Antitrust Litigation & Investigations

Full Ninth Circuit Removes Unwarranted Hurdles to Class Certification in Big Tuna Antitrust Case

Court delivers a necessary course correction in the law of class certification.

There was reason for optimism in August 2021, when the Ninth Circuit Court of Appeals granted rehearing en banc of a 2-1 decision that would have made it more difficult for antitrust claimants to secure class certification. The three-judge panel in Olean Wholesale Grocery Coop., Inc. v. Bumble Bee Foods LLC, 993 F.3d 774 (9th Cir. 2021) had determined that Federal Rule of Civil Procedure 23(b)(3) required a district court to find that no more than a de minimis number of class members are uninjured before a class may be certified. Having announced this de minimis rule in its opinion, the court then took the unusual step of inviting the parties to argue whether the full court should rehear the issue en banc.

As we wrote last year when en banc rehearing was granted, with its de minimis rule, “the panel really jumped the median strip.” We argued that the rule conflated the question of whether issues common to the class predominate over issues unique to individual class members with the question of how the class is defined and that the Ninth Circuit's new and unrealistic de minimis requirement erected an unnecessary procedural hurdle to class certification. Other commentators and amici argued that requiring proof that all but a de minimis number of class members are injured requires a determination on the merits, impermissible at the class certification stage.

In welcome news for claimants and attorneys who bring antitrust class actions, the Ninth Circuit sitting en banc decided against the de minimis rule, for all of the foregoing reasons, in Olean Wholesale Grocery Coop., Inc. v. Bumble Bee Foods LLC, No. 19-56514, 2022 U.S. App. LEXIS 9455 (9th Cir. Apr. 8, 2022).

In a thorough review of the requirements for class certification under Rule 23, the Ninth Circuit held that the movant’s burden is to prove the prerequisites of Rule 23 by a preponderance of the evidence, bringing the Ninth Circuit in line with the law in the First, Second, Third, Fifth, and Seventh Circuits. As for the predominance requirement of a Rule 23(b)(3) class, the court cited In re Hydrogen Peroxide Antitrust Litig., 552 F.3d 305, 311 (3d Cir. 2008) as amended (Jan. 16, 2009), to hold that, when assessing whether a plaintiff has proven that a common question related to a central issue in the claim predominates, a district court is limited to resolving whether the evidence establishes that a common question is capable of class-wide resolution, not whether the evidence in fact establishes that plaintiffs would win at trial.”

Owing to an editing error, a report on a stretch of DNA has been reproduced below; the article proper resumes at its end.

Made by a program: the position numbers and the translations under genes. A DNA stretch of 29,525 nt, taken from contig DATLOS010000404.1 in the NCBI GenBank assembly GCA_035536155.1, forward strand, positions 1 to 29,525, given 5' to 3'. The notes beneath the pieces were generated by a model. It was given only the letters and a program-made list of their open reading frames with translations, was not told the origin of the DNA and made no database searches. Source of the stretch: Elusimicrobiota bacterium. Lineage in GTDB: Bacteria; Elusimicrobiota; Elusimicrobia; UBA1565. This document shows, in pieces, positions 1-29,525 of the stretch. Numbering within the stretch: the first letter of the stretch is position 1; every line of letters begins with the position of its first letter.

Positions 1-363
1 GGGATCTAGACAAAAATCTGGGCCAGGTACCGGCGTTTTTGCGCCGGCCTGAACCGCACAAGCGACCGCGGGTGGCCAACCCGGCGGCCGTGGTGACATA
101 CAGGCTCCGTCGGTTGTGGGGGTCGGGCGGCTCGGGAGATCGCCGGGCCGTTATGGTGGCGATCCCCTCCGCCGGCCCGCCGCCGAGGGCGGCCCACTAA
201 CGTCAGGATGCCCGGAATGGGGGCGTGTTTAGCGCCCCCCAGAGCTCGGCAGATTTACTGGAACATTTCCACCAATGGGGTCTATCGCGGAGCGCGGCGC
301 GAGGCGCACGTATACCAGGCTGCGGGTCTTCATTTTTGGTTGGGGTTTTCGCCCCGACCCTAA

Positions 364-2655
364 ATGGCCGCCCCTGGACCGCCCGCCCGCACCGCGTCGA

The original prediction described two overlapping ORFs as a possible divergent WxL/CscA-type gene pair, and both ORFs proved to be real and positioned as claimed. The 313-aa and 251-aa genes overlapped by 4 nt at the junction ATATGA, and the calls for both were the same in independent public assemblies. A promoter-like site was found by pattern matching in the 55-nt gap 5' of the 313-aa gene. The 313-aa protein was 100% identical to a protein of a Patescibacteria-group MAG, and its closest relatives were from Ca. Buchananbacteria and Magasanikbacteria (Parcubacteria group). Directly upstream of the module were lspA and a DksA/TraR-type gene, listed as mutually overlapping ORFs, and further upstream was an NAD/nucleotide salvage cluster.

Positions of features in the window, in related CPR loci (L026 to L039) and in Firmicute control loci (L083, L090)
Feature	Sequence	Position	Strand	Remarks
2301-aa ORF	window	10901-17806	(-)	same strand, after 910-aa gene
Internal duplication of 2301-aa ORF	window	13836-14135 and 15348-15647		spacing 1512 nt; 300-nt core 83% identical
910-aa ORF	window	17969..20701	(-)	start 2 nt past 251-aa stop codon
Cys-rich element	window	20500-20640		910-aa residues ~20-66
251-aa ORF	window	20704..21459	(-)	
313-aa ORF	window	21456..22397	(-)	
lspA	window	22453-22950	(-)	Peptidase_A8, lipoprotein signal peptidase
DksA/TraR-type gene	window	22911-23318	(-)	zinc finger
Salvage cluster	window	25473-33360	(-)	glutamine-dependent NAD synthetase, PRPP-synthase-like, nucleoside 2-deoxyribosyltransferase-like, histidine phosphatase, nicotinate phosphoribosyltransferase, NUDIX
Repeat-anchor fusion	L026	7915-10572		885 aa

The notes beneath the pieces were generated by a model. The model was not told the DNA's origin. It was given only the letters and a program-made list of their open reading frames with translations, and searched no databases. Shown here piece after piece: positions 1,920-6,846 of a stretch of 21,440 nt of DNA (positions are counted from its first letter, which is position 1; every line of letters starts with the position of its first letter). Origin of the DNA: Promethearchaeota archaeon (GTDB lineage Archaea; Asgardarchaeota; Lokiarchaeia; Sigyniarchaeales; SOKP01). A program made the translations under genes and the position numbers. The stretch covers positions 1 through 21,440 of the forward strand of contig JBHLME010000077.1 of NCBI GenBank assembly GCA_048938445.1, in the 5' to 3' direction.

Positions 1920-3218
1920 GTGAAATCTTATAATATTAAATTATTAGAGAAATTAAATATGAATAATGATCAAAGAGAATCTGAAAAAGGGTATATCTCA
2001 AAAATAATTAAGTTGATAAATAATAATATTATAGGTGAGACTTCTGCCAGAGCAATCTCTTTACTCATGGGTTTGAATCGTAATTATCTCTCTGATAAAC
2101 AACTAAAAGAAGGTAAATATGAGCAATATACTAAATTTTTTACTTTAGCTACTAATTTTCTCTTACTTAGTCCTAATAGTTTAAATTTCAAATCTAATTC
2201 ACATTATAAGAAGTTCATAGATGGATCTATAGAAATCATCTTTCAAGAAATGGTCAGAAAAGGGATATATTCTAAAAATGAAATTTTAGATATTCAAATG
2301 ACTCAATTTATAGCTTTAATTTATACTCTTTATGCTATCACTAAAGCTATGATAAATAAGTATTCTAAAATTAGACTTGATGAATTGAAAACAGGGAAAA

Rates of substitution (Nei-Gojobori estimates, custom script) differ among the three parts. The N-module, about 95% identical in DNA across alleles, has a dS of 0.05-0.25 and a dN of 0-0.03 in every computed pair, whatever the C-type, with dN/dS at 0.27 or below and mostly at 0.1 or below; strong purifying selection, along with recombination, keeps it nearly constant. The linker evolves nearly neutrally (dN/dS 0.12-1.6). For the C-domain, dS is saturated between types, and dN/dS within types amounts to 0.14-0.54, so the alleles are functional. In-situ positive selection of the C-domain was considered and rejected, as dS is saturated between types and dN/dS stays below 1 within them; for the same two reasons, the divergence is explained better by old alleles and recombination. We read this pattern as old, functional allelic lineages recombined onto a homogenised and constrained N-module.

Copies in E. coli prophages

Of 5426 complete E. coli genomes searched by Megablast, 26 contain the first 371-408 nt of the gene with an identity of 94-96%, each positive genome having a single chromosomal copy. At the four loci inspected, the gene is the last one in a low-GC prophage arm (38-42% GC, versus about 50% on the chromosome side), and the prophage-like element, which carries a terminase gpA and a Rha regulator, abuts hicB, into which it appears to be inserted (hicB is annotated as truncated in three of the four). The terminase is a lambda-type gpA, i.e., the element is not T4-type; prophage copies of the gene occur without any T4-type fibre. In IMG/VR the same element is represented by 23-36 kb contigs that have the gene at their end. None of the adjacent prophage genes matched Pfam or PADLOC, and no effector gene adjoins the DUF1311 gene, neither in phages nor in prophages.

In rejecting the de minimis rule, the court began with the notion that class-wide proof is not required for all issues. Thus, the need for individualized assessment of a class member’s damages does not preclude a court from certifying a class. It contradicts this notion to require proof of injury of not more than a de minimis number of class members.

The presence of uninjured class members, the court held, does not defeat predominance. Predominance is defeated only where the class members cannot rely on the same body of common evidence to establish the common issue.

The presence of a large number of uninjured class members, however, could require a district court to consider whether the class definition is “fatally overbroad.”

The remedy in that case, the court said, is to “redefine the overbroad class to include only those members who can rely on the same body of common evidence to establish the common issue.” “[T]he problem of a potentially ‘over-inclusive’ class,” the court said, “can and often should be solved by refining the class definition rather than by flatly denying class certification on that basis” (citation and internal quotation omitted).

With that, the Ninth Circuit reversed the three-judge panel and affirmed the certification of the classes by U.S. District Judge Janis L. Sammartino of California’s Southern District*, holding that the district court did not abuse its discretion in concluding that the methodology employed—statistical regression analysis and other expert evidence—"was capable of showing that a price-fixing conspiracy caused class-wide antitrust impact.”  [*Judge Sammartino subsequently recused herself and the case was reassigned to Chief Judge Dana Sabraw.]

The 9-2 decision was written by Circuit Judge Sandra S. Ikuta. In a dissenting opinion, Circuit Judge Kenneth K. Lee said as much as a third of the class members were unharmed. This is a “victory to plaintiffs” who will now be able to settle the action without having to prove their case trial, he said.

The suit was brought by direct purchasers of tuna products, indirect purchasers of bulk-sized tuna products, and individual end purchasers against the owners of Bumble Bee Foods LLC (currently in Chapter 11), StarKist Co., and Chicken of the Sea—which sell more than 80 percent of the packaged tuna in the United States. The industry has also been investigated by the Department of Justice in recent years, resulting in criminal guilty pleas by industry executives for participating in a price-fixing conspiracy.

Nothing in Rule 23 suggests that the presence of more than a de minimis number of uninjured class members affects whether questions affecting only individual class members predominate. 

The now vacated de minimis rule conflates impact with damages and the predominance inquiry with potential overbreadth in the class definition. The Ninth Circuit’s en banc decision is a model of clear thinking and a welcome course correction in the law of class certification.


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